[ 26 Pa. Commw. Page 154]

There is a striking similarity between East Caln, supra, and the case before us.*fn1 There, as here, the penalty was payable to a governmental authority; a brief confinement pending compliance was ordered; and the appellant was given the opportunity to purge himself of the contempt. It is clear from the facts that the dominant purpose of the contempt order was to compel Appellants to comply with the order of the court to reduce the number of trailers.*fn2 This conditional nature of the contempt order, which allowed Appellants to purge themselves of all contempt by complying with the court's order, makes it clearly civil contempt.

Having decided the proceeding involved is civil contempt, we now address ourselves to Appellants' contention that the trial court's decision was not "supported by clear, persuasive and substantial evidence." After a thorough review of the record, we conclude that the trial court's decision was supported by clear, persuasive and substantial evidence.

Finally, Appellants contend that the judge was obliged to recuse herself pursuant to Section 3-C(1)(a) and (b) of the Code of Judicial Conduct.*fn3 They

[ 26 Pa. Commw. Page 155]

    argue that the trial judge was City Solicitor when the Board of Adjustment heard the request for a variance, and that one of her assistants was present and participated in the hearing, thus the trial judge had previously practiced law with an attorney involved in this proceeding.

We agree with the trial judge's actions and reasons:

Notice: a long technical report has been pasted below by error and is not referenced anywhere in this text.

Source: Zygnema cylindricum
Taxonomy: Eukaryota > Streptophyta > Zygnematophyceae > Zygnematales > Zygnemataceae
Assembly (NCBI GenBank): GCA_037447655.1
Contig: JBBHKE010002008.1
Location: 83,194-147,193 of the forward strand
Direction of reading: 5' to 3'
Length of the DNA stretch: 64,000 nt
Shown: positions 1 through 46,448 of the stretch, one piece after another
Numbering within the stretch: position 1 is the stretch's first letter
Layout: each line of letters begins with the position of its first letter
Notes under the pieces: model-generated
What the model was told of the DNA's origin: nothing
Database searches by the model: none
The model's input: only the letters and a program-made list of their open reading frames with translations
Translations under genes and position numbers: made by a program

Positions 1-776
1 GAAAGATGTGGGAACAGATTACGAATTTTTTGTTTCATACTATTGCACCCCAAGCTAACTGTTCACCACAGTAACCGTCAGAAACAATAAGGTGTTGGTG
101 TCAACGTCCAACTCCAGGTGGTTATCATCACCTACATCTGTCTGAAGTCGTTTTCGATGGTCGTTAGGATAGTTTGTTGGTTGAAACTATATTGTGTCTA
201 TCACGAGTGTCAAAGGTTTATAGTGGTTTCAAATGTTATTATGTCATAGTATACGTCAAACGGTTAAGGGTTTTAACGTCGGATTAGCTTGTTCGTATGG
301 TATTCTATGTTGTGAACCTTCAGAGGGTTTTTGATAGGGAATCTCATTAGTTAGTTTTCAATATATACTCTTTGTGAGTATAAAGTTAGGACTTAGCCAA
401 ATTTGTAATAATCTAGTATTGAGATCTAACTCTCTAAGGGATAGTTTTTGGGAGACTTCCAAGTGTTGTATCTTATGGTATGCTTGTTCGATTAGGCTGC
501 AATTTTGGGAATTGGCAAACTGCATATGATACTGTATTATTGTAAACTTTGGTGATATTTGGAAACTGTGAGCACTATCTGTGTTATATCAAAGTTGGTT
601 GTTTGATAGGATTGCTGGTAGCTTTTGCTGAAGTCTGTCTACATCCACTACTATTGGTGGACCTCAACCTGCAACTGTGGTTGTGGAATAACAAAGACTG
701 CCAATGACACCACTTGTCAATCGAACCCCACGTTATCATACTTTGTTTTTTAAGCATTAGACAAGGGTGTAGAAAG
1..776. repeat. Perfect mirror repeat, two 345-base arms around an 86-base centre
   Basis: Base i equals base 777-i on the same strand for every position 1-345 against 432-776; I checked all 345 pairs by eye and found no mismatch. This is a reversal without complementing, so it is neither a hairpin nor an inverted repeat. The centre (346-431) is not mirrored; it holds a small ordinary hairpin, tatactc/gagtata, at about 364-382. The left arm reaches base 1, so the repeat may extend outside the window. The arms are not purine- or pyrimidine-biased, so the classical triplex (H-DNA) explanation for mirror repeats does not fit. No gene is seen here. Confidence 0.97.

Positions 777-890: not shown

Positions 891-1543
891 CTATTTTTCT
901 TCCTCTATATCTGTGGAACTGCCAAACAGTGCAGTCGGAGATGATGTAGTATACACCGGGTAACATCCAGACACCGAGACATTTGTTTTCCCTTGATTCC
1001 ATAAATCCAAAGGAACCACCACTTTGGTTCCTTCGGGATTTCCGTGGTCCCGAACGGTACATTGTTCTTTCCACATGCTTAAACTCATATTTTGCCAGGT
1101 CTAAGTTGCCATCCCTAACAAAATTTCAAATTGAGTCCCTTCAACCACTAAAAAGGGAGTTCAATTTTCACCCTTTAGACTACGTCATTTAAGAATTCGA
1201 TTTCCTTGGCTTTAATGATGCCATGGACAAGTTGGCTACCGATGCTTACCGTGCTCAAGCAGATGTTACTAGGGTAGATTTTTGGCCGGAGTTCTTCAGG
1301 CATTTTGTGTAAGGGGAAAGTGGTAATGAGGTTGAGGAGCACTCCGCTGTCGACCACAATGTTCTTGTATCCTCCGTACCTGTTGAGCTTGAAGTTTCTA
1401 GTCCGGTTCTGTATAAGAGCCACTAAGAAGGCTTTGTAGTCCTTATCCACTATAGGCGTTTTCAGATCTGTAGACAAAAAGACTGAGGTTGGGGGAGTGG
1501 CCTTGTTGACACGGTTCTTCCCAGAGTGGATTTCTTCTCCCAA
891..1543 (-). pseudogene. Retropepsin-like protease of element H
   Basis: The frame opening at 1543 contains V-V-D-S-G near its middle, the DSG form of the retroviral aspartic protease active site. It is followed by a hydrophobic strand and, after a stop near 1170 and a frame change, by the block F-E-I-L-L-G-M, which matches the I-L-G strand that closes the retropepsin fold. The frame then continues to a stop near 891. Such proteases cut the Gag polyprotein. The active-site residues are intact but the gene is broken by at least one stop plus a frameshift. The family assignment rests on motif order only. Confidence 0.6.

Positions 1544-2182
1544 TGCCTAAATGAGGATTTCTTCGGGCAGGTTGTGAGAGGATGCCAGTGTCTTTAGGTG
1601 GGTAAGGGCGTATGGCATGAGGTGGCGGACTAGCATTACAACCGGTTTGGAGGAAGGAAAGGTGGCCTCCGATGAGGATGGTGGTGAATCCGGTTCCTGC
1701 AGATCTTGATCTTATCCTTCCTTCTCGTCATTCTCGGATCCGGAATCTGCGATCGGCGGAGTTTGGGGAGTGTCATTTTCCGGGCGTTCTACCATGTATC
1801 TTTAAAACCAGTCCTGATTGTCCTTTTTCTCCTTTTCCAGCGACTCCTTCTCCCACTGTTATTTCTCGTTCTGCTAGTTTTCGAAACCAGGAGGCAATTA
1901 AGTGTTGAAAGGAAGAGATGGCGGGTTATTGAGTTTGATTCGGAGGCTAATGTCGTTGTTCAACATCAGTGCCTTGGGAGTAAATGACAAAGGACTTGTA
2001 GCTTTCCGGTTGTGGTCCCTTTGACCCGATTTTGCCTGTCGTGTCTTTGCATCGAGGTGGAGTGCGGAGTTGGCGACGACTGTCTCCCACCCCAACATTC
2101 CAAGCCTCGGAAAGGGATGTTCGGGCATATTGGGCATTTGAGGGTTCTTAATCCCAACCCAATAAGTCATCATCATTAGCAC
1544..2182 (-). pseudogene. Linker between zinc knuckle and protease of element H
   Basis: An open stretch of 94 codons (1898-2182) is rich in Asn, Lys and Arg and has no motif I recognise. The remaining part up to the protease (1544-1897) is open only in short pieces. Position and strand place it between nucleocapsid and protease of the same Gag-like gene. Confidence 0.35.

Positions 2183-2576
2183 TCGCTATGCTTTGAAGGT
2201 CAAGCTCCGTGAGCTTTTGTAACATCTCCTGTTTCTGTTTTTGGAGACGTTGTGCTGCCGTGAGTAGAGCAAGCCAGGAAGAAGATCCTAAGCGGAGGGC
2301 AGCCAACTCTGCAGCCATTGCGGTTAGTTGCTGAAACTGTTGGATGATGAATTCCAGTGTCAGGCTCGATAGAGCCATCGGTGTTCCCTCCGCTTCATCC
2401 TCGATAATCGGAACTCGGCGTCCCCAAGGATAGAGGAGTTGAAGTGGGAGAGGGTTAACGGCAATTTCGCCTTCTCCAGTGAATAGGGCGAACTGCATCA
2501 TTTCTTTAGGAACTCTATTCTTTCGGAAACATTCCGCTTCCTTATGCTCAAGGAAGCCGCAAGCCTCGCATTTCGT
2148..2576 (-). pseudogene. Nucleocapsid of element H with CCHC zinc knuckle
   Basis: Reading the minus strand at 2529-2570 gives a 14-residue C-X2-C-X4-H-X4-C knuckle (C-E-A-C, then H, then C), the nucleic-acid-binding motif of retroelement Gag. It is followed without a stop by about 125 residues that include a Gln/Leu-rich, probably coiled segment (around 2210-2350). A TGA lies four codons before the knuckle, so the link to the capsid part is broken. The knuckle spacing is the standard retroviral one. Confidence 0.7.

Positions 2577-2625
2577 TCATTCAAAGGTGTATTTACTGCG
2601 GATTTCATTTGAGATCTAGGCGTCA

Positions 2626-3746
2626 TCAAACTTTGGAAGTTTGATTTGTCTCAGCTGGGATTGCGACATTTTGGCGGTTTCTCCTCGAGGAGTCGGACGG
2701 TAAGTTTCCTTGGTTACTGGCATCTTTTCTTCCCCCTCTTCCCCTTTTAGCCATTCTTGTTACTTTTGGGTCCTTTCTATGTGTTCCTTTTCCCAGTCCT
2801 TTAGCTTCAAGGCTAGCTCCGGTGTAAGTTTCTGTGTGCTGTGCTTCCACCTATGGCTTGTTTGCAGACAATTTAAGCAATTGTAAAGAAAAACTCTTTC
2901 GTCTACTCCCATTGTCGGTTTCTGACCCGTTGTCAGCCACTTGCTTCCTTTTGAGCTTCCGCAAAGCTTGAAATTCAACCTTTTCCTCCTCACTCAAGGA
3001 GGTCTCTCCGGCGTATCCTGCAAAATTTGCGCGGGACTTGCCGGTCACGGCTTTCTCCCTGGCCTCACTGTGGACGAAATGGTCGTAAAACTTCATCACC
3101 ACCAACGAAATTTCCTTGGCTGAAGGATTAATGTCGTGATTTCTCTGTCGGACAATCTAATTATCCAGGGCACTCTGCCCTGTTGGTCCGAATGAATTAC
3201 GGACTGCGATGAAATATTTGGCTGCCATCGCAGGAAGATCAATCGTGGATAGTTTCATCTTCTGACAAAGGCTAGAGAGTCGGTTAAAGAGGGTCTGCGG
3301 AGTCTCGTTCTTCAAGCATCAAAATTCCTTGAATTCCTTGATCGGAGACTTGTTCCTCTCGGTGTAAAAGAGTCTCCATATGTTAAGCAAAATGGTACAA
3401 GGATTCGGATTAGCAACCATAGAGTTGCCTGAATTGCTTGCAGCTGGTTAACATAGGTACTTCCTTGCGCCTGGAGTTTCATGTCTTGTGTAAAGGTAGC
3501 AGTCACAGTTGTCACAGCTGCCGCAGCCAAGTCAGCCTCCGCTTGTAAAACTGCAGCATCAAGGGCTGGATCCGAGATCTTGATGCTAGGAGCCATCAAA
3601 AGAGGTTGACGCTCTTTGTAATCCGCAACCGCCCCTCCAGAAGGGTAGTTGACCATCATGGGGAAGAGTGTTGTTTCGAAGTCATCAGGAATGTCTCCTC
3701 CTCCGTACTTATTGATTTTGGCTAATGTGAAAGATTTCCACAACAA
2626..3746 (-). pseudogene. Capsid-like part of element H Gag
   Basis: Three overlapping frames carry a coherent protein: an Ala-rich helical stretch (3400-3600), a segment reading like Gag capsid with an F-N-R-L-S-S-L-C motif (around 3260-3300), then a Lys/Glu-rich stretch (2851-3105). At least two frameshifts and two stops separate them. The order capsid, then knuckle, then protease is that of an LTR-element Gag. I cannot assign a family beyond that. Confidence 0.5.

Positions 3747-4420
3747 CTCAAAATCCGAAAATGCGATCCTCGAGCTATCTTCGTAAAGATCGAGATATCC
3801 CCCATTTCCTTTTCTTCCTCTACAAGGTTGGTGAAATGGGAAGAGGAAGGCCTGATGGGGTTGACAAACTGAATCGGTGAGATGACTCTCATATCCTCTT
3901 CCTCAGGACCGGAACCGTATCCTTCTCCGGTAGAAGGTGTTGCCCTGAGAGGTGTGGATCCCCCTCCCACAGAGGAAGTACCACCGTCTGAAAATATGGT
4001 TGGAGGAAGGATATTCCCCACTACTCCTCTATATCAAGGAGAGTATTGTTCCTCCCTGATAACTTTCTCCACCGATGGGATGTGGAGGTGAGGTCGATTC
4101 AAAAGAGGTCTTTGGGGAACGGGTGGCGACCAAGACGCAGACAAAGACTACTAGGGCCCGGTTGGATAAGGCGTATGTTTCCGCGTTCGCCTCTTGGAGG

"In the instant proceeding, the defendants, represented by able counsel, not only failed to request assignment to another Judge, but asked the Court to proceed with the hearing, elected not to file Exceptions to the Decree Nisi (which permitted an opportunity to request reconsideration by the Planning Commission), and did not file a Motion for Disqualification until after a Rule for Contempt had been filed, a hearing date scheduled, and new counsel entered the case.

"While defendants have the right to change counsel, decisions on strategy of prior counsel remain binding, even in a criminal proceeding. The Court has a right to believe that counsel has the authority to represent his client and that the representations of counsel are approved or authorized by the client. Commonwealth ex rel. Bell v. Rundle, 420 Pa. 127 (1966). To hold otherwise would be to permit a dissatisfied litigant to obtain new counsel, relitigate the same issues, and thereby prolong indefinitely the resolution of disputes."*fn4

Accord, Presbyterian University of Pennsylvania Medical Center v. Board of Revision of Taxes, 24 Pa. Commonwealth Ct. 461, 357 A.2d 696 (1976).